homeaboutarchives + tagsnewslettermembership!
aboutarchivesnewslettermembership!
aboutarchivesmembers!

kottke.org posts about Frederick Douglass

“What, to My People, is the Fourth of July?”

posted by Jason Kottke   Jul 03, 2020

In a powerful video for the Movement For Black Lives, Daveed Diggs asks: “What, to My People, is the Fourth of July?”

What, to my people, is the Fourth of July? My people, who are failed every day by every country, sleepless in the long night, terrorized by fireworks, we who have cried salt baths for our kin.

Look at all we have borne for you: arms, armistice, the sweetest fruits, flesh of children hidden away from the ugly summer of their own blood — we are on the front lines. Help me, tell me, what do we tell the children of your Fourth of July? What is death to a daughter? What is river to a sea? Where is the country where my people are safe?

Ancestors set the table send dream mares in high supply. Too heavy, too spent, too hot to cook, no promise beyond the sparkly simple bombs. Keep your holiday, your hunger, the blood in your teeth. Police parade down streets, proud descendants of the slave patrol. Theater of denial, a propaganda pageant, and we are on the front lines all summer. My uncle can’t sleep and he was born free. And he ain’t never been.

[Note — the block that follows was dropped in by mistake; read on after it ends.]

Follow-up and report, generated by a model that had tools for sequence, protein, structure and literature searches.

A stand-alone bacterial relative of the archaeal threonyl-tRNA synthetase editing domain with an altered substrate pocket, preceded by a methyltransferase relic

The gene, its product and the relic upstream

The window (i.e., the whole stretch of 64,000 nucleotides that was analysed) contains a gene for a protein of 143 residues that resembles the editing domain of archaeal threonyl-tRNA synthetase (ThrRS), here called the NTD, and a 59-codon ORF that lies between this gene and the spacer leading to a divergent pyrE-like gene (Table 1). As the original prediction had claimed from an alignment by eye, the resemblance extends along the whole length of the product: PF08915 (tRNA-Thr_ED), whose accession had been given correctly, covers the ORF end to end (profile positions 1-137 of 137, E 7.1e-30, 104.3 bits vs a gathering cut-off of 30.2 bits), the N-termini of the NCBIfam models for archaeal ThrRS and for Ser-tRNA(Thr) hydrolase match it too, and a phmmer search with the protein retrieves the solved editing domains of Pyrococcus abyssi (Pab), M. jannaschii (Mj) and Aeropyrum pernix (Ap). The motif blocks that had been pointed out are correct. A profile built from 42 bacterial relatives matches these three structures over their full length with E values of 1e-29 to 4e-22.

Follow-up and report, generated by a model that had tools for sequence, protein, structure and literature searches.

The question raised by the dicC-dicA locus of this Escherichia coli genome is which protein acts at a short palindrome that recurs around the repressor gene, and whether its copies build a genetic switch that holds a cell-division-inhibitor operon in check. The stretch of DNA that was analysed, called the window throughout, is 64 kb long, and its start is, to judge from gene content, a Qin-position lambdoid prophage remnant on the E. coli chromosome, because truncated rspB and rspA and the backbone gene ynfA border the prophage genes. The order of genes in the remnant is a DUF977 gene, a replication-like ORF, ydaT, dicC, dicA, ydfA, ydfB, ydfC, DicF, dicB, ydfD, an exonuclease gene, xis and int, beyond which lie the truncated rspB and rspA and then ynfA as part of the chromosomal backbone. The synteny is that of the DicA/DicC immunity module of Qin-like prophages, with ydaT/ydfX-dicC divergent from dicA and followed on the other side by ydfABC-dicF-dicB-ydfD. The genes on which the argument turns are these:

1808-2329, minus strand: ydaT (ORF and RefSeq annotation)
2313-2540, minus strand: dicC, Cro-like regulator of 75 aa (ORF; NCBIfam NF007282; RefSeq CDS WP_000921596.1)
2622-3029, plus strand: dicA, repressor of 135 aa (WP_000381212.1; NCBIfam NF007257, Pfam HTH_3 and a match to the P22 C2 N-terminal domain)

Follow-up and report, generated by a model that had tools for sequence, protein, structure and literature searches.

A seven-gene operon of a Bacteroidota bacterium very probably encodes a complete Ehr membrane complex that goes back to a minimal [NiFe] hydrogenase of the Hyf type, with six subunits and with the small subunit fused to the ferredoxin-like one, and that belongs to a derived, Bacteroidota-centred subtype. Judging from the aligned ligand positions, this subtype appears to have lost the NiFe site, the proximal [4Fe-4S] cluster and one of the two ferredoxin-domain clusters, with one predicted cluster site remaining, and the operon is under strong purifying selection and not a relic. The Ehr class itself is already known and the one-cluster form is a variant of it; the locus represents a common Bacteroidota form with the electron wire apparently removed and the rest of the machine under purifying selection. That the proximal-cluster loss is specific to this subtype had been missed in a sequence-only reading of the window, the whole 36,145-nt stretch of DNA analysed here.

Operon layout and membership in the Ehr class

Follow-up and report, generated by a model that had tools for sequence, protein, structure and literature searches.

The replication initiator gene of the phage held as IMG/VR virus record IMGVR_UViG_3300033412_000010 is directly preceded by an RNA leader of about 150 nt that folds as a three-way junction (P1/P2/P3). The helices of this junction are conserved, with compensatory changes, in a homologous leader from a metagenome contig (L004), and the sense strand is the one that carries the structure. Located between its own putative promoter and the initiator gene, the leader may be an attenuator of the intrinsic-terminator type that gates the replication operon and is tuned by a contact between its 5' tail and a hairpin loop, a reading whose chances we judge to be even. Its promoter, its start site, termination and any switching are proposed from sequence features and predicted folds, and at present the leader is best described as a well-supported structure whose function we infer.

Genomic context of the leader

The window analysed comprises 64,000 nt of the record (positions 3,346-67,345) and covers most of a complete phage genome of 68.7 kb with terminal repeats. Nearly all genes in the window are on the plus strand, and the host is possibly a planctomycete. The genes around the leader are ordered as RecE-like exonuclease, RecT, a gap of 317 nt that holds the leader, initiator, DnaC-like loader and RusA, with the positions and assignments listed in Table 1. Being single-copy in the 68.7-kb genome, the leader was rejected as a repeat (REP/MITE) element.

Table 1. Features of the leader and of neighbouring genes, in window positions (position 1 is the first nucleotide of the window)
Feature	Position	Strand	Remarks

The text performed by Diggs — written by Safia Elhillo, Danez Smith, Lauren Whitehead, W. Kamau Bell, Angel Nafis, Idris Goodwin, Pharoahe Monch, Camonghne Felix, and Nate Marshall — was inspired by Frederick Douglass’ July 5, 1852 speech, in which he asked, “What, to the American slave, is your Fourth of July?”

Fellow-citizens, pardon me, allow me to ask, why am I called upon to speak here to-day? What have I, or those I represent, to do with your national independence? Are the great principles of political freedom and of natural justice, embodied in that Declaration of Independence, extended to us? and am I, therefore, called upon to bring our humble offering to the national altar, and to confess the benefits and express devout gratitude for the blessings resulting from your independence to us?

163 Years of The Atlantic’s Writing on Race and Racism in America

posted by Jason Kottke   Jun 16, 2020

The Atlantic was founded in 1857 and in its early days was an outlet for prominent voices speaking out against slavery. Editor Gillian White has compiled a list of the magazine’s writing on race and racism in America from deep in the archive to the present day. It includes writing from Julia Ward Howe, Frederick Douglass, W.E.B. Du Bois, Booker T. Washington, Martin Luther King Jr., and Stokely Carmichael along with pieces from modern voices like Bree Newsome, Eve Ewing, Ta-Nehisi Coates, Ibram X. Kendi, and Nikole Hannah-Jones. In introducing the collection, White writes:

Understanding the present moment requires grappling with a history stained by racial inequity, violence, and the constant fight for forward progress. In a century and a half of writing stories about race in America, The Atlantic has published works that have improved the broad understanding of injustice in America, and also works that furthered ideas and theories that ultimately were proved wrong or harmful. To comprehend the current state of the country, we must consider the aftereffects of both categories. We must also take into account the fact that these stories, in aggregate, are overwhelmingly written by men.

And here are a few pieces I picked out for my own personal reading list: